The populist wave that swept Donald Trump to the top of the Republican ticket hasn’t led to a revolution sweeping away party insiders.
That’s the message from another set of primary victories Tuesday night for Senate incumbents from the party’s establishment wing — Arizona’s John McCain and Florida’s Marco Rubio. It’s also good news for a party hoping to cling to control of Congress even if their standard-bearer loses big in November.
Few outsider candidates have been able to replicate Trump’s recipe for primary success this year, as Republicans successfully swatted away challenges to the party’s incumbents. McCain’s opponent, Kelli Ward, and Rubio’s challenger, Carlos Beruff, each sought to ride the Trump phenomenon to no avail. Neither had Trump’s name recognition, nor his ability to command media attention. They also didn’t have his endorsement.
The wins come not long after Speaker Paul Ryan of Wisconsin trounced his primary challenger, Paul Nehlen, who also ran on a Trumpian message and hoped to repeat Dave Brat’s shocking victory over House Majority Leader Eric Cantor of Virginia two years ago, only to score less than 16 percent of the vote.
Trump, of course, nominally endorsed Rubio, McCain and Ryan, and has made no real effort to build a movement bigger than himself. It’s not clear how big his coattails would be if he did: Rep. Renee Ellmers of North Carolina, who received a rare Trump endorsement, lost her primary, partly as a result of redistricting.
The 80-year-old McCain and the 45-year-old Rubio, co-authors of a compromise immigration overhaul bill that passed the Senate in 2013, both endorsed Trump, too. But they’ve spent as little time as possible talking about him — or his policy platform.
Instead, they followed a strategy the party laid out a year ago to focus as much as possible on local issues and try to outperform Trump, should he win the nomination.
“Republicans have taken nothing for granted this cycle,” said Greg Blair, spokesman for the National Republican Senatorial Committee. “We’ve known from day one that the map would be challenging and there would be few certainties about the political environment.”
Some are openly campaigning on the need to keep the Senate in Republican hands, whether Trump or Hillary Clinton is in the White House next year.
“The only person in this race who will not be a rubber stamp for the executive branch in this election is me, and that is what we need in the Senate more than ever before,” Rubio told his supporters at his victory speech Tuesday night.
Many of these Republican incumbents are running ahead of Trump in the polls in their states, including Rubio, McCain and Ohio’s Rob Portman, denting Democrats’ hopes of taking back the four seats they would need to run the Senate if they also win the White House.
Josh Holmes, former campaign manager for Majority Leader Mitch McConnell of Kentucky and president of the consulting firm Cavalry LLC, said the Trump factor is unique.
“It’s not replicated anywhere at any level of government,” Holmes said. No one has Trump’s blend of name recognition, self-funding capability and a long-running, hit show on network television, he said.
He also acknowledged continuing fears that a Trump collapse could sink the party’s chances if reliable Republican voters who won’t vote for Trump stay home.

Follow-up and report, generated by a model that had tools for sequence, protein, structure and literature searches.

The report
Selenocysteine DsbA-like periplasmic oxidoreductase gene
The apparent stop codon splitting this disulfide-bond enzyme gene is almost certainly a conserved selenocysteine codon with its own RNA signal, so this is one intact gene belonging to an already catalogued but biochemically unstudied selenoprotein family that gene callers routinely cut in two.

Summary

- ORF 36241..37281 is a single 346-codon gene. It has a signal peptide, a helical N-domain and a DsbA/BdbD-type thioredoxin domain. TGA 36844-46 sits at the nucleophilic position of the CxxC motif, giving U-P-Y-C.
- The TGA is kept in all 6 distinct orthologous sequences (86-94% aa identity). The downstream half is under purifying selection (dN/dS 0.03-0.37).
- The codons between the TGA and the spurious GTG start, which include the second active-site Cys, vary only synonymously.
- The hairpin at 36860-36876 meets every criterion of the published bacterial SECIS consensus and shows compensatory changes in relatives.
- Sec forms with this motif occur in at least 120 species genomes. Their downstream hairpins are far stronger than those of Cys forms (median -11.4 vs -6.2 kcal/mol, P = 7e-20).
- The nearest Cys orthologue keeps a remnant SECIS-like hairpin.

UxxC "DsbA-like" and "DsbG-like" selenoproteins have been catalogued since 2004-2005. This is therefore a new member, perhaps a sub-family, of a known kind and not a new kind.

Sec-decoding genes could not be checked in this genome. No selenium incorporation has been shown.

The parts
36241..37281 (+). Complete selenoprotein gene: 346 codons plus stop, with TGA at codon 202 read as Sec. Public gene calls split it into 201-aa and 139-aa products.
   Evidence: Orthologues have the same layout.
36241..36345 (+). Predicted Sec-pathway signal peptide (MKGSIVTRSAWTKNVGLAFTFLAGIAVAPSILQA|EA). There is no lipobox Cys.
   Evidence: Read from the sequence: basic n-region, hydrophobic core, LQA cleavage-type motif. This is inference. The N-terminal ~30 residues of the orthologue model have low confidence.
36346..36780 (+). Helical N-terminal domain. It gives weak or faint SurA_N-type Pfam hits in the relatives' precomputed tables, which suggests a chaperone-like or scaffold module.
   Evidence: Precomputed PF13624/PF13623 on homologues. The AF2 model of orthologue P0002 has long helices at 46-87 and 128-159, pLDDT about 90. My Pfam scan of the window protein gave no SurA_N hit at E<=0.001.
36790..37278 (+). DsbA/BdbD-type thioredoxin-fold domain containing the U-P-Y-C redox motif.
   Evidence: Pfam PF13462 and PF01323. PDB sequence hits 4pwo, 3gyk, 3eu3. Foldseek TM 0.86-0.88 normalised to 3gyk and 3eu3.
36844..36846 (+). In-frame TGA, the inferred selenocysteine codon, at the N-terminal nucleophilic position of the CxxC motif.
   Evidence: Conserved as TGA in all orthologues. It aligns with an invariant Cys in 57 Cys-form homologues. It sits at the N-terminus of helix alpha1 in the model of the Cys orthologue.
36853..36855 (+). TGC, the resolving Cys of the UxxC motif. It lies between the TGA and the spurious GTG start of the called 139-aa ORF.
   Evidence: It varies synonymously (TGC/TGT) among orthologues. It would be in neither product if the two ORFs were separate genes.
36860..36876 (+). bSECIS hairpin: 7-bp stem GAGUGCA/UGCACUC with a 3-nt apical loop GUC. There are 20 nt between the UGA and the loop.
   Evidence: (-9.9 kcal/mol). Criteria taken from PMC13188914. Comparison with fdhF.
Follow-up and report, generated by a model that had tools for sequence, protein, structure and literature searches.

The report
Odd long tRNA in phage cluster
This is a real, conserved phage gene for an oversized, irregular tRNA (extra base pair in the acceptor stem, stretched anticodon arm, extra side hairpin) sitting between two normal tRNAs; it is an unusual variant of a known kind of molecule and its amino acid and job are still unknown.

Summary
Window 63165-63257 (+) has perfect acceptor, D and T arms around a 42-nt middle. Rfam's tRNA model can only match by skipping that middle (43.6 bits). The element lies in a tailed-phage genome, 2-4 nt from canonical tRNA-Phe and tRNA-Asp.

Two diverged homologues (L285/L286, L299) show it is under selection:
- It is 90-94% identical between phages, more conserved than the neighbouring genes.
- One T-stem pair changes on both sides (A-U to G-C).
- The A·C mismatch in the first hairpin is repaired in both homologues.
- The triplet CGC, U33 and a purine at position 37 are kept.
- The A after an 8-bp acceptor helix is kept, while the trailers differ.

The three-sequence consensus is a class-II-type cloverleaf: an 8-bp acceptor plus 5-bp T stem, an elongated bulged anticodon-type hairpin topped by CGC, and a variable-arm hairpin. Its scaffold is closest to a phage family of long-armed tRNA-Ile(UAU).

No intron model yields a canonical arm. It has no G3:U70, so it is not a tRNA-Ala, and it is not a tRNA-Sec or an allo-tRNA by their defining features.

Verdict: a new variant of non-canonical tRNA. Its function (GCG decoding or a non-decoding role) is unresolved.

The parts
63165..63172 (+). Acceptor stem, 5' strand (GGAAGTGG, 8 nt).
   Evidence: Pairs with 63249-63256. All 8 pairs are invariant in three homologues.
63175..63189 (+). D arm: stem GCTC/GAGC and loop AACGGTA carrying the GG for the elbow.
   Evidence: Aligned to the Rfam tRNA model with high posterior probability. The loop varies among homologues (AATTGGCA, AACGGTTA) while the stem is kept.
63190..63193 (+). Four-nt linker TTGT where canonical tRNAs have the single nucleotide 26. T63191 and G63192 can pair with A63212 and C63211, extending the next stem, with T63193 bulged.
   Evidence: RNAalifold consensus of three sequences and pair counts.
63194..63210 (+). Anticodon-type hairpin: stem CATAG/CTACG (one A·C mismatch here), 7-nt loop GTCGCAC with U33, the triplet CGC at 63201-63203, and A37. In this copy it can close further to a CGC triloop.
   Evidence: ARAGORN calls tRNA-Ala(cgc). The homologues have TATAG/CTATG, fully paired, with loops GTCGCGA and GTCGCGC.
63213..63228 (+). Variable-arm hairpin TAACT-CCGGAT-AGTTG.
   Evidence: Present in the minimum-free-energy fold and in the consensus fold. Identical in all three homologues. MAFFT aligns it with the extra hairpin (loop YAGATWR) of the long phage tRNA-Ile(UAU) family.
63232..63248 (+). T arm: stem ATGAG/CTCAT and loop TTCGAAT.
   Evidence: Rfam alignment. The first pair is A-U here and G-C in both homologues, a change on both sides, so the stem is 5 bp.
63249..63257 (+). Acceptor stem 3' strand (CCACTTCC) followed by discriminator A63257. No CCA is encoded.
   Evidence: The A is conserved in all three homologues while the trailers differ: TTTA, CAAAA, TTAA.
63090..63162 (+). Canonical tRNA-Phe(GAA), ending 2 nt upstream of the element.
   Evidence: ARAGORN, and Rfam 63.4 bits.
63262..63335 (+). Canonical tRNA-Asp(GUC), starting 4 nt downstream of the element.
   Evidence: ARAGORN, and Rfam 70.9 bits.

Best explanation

“That’s the terrifying prospect for all the down-ballot folks,” he said.
Martha McKenna, a Democratic strategist and former political director of the DSCC, said Republicans may pat themselves on the back after Tuesday night, but they still have a tough hand to play.
For example, she said, Democrats will be able to criticize McCain’s core brand. “He’s not a maverick anymore because he doesn’t even stand up to Donald Trump,” she said.
“And Rubio’s spent the better part of 18 months calling him a con man, and frankly being called ‘Little Marco,’ and now they are working together to try to win Florida,” she added.
“We’re going to see the real Trump effect in November,” she said.
Democrats have been buoyed by polls suggesting that some races could be closer than expected, with Republicans like Sen. Richard Burr of North Carolina showing some vulnerability.
As for McCain, Sadie Weiner, the communications director for the DSCC, said: “It’s telling that Republicans have to take a victory lap over things like the former presidential nominee of their party winning a Senate primary.”
Strategists in both parties agree, however, that Republican leaders have done a better job of avoiding flameouts in the last two cycles.
Holmes said there was a change in culture at the top of the party after unsuccessful candidates, including Todd Akin in Missouri, Richard Mourdock in Indiana and Christine O’Donnell in Delaware, cost the party Senate seats in 2010 and 2012. The party avoided such disasters in 2014 on their way to a resounding victory.
“Going into 2016, the goal was to replicate that and we have,” Holmes said.
Among the victories piled up by the establishment in primaries are Sen. Richard Shelby in Alabama and Rep. Todd Young in Indiana, who now faces an uphill battle against star Democratic recruit Evan Bayh in the polls.
“You can’t win elections with candidates that are legitimately unqualified,” Holmes said.
Holmes gives campaigns credit for avoiding getting caught up too much in the daily Trump story.
“They have done absolutely everything they can to not only compete but to outpace the top of the ballot from anywhere from 7 to 22 points, which is unheard of,” Holmes said.
That said, Holmes added, “the environment is not irrelevant.”